The Gusli is a Russian instrument very similar to the Anglo-Saxon Lyre in function and purpose.  One of the earliest specific mentions of the instrument is that it was played by the eleventh century court bard Boyan in "The Lay of the Host of Igor".  Several instrument fragments have been found from the eleventh and twelfth centuries, and a few nearly complete instruments exist in collections from the fourteenth century.  These fragments and extant examples show strings from five to eleven, common are five and nine, similar to a kantele.  The instruments we build are based on these finds, especially the bird-headed large gusli and the five string 'slovisha' gusli from Novgorod.

We base our instruments on archaeological evidence, historical art and written documentation, but we do not replicate these instruments.  Instead, we choose to take what we know from these sources and our own experience, mix in the imagination of the customer, occasionally add in a drop of technological magic, and create what a Gusli builder of this era would have created, a unique piece for his client. 
So drop us a message or give us a call.  We promise, we won't charge to answer your questions.

Example of one of my gusli

'Slovisha' Style

One of the most famous legends of Novgorod is the set of stories of the medieval merchant-bard Sadko.  Epic poems, songs and stories about his life, his conflicts and victories, focus on his creative cunning, often involving music.  This example is based on an instrument shrouded in mystery because of it's simplicity.  It had but one ornament, the carving of the word 'Slovisha' on the side.  This means 'nightingale', but the meaning was unclear.  Was this a reference to the guslar's voice?  Or just an affectionate label for a sweet sounding instrument? Or maybe a gift for someone extremely special?  It is unknown.  This is a quiet lap gusli, it's lack of volume has to do with the fact that the ears for the string bar (this assembly acts like a bridge in this kind of psaltry) are one with the soundboard, and they are directly over the edges of the body.  In most instruments the soundboard vibrates most right at the feet of the bridge, but when that point is imobilized by glue and nails there is a significant drop in sound.  But when this instrument is laid upon a resonant surface like a desk or a wall, it acts as a large bridge and the voice is incredible.  This kind of Gusli was used in religious ceremonies where the instrument was played on an alter table, or used for courting, playing music using the walls of a home as the sounding board.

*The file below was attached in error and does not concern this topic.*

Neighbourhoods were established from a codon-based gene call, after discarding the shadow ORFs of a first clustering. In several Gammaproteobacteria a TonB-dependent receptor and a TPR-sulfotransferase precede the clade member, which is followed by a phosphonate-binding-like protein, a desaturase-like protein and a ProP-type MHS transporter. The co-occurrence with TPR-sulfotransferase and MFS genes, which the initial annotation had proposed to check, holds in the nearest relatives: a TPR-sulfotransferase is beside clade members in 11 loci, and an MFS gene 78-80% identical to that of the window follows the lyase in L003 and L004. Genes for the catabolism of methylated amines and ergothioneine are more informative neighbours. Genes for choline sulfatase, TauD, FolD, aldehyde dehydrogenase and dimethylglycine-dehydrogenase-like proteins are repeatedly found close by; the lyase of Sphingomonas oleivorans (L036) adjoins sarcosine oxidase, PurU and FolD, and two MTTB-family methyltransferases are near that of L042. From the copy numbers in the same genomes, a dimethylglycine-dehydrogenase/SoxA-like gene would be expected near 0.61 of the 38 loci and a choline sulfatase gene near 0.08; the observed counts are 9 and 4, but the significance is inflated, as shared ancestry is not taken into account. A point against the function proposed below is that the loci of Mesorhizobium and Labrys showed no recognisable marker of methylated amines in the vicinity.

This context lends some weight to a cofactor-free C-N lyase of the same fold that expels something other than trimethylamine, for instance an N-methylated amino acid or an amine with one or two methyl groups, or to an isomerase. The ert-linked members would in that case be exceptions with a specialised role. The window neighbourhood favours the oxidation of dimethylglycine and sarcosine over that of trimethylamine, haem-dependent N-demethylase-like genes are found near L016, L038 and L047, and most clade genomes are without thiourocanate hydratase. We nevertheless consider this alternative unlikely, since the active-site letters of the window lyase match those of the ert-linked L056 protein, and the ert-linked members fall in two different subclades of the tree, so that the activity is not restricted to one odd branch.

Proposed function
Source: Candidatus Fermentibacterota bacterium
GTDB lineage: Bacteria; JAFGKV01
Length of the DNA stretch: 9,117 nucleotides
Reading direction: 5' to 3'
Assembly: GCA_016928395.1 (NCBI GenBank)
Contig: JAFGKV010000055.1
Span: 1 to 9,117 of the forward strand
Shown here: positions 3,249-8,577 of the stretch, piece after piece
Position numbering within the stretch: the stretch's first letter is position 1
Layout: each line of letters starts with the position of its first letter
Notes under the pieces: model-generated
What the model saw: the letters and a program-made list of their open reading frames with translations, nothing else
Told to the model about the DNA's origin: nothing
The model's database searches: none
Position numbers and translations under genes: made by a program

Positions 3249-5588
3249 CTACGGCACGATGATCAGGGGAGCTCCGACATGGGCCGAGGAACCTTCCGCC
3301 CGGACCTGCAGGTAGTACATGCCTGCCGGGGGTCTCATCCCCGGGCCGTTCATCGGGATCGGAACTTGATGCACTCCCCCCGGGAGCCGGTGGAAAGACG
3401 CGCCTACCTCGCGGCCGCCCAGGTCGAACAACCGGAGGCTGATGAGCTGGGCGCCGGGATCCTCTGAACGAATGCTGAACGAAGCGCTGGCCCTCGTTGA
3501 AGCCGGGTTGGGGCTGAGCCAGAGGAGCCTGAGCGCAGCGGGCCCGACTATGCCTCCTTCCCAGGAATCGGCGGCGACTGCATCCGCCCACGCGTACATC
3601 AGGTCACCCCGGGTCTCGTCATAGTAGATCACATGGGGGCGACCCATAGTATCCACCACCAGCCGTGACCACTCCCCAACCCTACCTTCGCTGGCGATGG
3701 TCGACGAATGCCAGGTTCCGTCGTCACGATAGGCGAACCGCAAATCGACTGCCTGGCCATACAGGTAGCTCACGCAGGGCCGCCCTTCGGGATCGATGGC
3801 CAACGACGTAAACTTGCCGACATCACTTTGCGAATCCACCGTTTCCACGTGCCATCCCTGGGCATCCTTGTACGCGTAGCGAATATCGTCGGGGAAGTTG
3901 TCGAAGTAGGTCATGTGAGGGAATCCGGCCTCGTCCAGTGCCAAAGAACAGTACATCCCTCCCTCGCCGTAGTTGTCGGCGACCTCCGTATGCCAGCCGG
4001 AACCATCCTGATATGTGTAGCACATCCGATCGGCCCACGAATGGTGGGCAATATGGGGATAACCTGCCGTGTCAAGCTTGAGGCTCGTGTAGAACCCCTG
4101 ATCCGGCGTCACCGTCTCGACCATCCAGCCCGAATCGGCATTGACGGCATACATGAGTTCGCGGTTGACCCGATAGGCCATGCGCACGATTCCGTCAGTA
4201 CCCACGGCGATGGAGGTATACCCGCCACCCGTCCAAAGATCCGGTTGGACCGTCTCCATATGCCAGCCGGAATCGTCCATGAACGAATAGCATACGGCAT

Large Gusli
Example of one
                of my gusli

This larger instrument may have been originally strung in gut or horsehair, but it became quite popular strung with brass and bronze strings.  This is a larger, and much louder instrument, owing to the fact that the stringbar holders now fit into windows on the unsupported area of the soundboard, allowing much more free vibration.  This is quite the powerful instrument, fitting a large voice.